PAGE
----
Agence France-Presse (“TAIWAN PLANS TO BUY US FRIGATES DESPITE CHINA THAW”, 2010/01/11) reported that Taiwan plans to buy eight second-hand Perry-class frigates from the United States despite improved ties with once-bitter foe the PRC , a local newspaper reported. The island hopes to arm them with a version of the advanced Aegis Combat System , which uses computers and radar to take out multiple targets, as well as sophisticated missile launch technology, the Taipei -based China Times said. The defence ministry said in a reaction to the report that ageing frigates now serving the navy needed to be phased out, but that it had not yet decided on the type of vessels that would replace them.
15. PRC Missile Defense
The Associated Press (“CHINA SAYS MISSILE DEFENSE SYSTEM TEST SUCCESSFUL “, Beijing, 2010/01/11) reported that the PRC announced that its military intercepted a missile in mid-flight Monday in a test of new technology that comes amid heightened tensions over Taiwan and increased willingness by the Asian giant to show off its advanced military capabilities. The official Xinhua News Agency reported late Monday that ”ground-based midcourse missile interception technology” was tested within PRC territory. ”The test has achieved the expected objective,” the three-sentence report said. ”The test is defensive in nature and is not targeted at any country.”
16. PRC Economy
The Washington Post (“CHINA SURPASSES GERMANY AS WORLD’S TOP EXPORTER”, 2010/01/11) reported that the PRC overtook Germany in 2009 to become the world’s top exporting nation, another milestone in the PRC’s rapid rise and growing economic influence. But in a year of global economic turmoil and weakness, the PRC achieved the top ranking because its exports fell only 16 percent, while Germany’s exports fell more steeply. “This is just one more step by China in attaining economic size commensurate with its population,” said Arthur Kroeber, managing director of Dragonomics, an economic research firm in Beijing.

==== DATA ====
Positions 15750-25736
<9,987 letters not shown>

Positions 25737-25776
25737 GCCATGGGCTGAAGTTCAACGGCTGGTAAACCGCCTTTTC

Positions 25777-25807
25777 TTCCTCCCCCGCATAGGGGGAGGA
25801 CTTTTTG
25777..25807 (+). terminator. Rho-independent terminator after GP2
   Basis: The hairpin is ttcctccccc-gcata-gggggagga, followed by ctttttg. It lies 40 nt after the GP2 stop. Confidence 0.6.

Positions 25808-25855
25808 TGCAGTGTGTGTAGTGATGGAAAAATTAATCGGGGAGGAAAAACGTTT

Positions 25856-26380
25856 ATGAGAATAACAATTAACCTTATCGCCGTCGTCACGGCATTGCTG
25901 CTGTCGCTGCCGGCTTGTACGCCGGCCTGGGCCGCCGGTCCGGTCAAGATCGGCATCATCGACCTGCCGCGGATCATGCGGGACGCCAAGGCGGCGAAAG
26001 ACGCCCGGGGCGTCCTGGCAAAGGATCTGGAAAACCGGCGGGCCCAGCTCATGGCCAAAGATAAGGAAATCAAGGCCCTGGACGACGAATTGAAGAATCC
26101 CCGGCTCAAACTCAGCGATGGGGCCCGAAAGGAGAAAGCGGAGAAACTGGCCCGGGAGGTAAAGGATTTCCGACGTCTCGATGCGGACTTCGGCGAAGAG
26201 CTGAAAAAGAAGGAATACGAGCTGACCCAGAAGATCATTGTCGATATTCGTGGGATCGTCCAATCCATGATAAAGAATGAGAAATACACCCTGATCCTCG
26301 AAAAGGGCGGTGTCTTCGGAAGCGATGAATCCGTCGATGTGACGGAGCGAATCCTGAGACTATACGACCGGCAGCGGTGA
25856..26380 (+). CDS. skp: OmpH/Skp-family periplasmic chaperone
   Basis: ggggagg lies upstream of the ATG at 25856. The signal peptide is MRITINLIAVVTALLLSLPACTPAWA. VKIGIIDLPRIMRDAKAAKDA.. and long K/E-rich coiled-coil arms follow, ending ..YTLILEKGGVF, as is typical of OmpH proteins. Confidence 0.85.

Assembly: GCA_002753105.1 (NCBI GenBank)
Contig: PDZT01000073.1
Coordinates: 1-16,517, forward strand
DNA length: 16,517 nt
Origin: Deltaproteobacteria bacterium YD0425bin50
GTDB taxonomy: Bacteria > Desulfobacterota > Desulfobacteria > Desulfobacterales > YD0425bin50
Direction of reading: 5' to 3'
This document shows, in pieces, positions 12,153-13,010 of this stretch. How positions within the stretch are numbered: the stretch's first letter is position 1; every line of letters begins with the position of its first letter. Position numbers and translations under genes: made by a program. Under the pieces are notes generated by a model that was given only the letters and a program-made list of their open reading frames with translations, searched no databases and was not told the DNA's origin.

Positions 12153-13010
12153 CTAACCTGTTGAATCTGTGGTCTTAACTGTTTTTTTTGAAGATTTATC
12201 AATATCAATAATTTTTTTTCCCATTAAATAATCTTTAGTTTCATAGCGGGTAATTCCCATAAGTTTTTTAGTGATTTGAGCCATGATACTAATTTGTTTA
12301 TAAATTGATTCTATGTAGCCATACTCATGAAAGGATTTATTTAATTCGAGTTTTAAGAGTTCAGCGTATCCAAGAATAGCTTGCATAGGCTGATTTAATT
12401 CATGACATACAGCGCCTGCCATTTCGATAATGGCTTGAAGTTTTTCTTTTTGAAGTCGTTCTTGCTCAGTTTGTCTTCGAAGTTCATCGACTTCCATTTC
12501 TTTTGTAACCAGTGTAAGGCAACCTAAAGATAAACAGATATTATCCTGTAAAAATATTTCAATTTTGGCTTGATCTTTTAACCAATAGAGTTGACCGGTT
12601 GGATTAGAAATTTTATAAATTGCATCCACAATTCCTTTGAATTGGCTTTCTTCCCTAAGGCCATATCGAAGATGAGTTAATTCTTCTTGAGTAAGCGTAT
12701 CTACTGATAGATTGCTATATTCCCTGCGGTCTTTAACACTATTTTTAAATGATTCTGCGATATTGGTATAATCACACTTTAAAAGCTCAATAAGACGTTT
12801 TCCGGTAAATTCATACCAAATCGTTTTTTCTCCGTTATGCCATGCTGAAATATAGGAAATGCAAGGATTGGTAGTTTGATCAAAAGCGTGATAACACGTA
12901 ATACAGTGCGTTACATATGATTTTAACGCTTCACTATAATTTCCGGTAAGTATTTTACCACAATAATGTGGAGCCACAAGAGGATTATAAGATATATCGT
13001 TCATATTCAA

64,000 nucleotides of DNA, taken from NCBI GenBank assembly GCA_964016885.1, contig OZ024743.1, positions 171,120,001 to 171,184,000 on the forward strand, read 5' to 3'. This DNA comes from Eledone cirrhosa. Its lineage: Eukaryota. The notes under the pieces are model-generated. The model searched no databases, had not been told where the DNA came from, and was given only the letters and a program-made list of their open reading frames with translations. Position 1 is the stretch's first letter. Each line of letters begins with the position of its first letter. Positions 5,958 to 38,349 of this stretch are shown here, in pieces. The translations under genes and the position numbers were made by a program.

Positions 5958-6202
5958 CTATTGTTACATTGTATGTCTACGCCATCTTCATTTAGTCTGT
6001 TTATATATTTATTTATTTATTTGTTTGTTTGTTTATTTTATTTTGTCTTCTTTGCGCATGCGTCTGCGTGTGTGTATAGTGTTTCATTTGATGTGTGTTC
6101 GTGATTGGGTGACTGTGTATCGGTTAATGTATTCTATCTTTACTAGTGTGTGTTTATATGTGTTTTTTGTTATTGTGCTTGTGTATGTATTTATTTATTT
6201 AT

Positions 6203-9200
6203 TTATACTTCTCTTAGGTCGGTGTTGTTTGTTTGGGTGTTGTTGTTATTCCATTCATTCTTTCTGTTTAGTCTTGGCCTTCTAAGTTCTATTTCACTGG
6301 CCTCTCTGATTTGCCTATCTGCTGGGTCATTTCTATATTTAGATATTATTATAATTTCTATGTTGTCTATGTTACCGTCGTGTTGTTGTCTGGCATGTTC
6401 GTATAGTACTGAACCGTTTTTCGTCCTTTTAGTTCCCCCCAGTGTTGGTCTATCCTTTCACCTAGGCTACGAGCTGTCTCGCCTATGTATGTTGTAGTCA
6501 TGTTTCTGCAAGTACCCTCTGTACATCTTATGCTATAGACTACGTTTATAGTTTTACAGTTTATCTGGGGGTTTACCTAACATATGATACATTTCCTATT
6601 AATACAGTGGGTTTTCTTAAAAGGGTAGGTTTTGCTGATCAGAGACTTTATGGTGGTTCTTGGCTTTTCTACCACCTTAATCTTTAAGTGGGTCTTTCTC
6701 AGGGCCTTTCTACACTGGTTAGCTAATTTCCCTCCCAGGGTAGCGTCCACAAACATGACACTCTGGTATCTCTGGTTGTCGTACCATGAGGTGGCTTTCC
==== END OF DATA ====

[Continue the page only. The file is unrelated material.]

17. PRC Protest
Agence France-Presse (“ACTIVISTS PROTEST AGAINST COSTLY HONG KONG-CHINA RAILWAY”, 2010/01/09) reported that hundreds of Hong Kong activists surrounded government offices Friday to protest against an 8.6 billion-dollar railway that would connect the city with neighbouring Guangzhou in mainland PRC. The protesters chanted “no railway” as lawmakers met transport officials to decide whether to approve funding for the project. Critics said the public has not been properly consulted and questioned why it had to be so costly. They said it would benefit only developers while forcing villagers along the route to relocate.
18. PRC Ethnic Unrest
Reuters (“UIGHUR MAN STABBED TO DEATH IN SOUTH CHINA: REPORT”, 2010/01/10) reported that a Uighur man was stabbed to death in the southern PRC city of Shenzhen, a sign of lingering tensions after a factory brawl last summer sparked bloody ethnic riots in Xinjiang, a newspaper said. Seven Han Chinese men were arrested and reportedly fired from their jobs afterwards. Police in Guangzhou recently detained three people for spreading rumors that a group of Uighurs had been beaten up.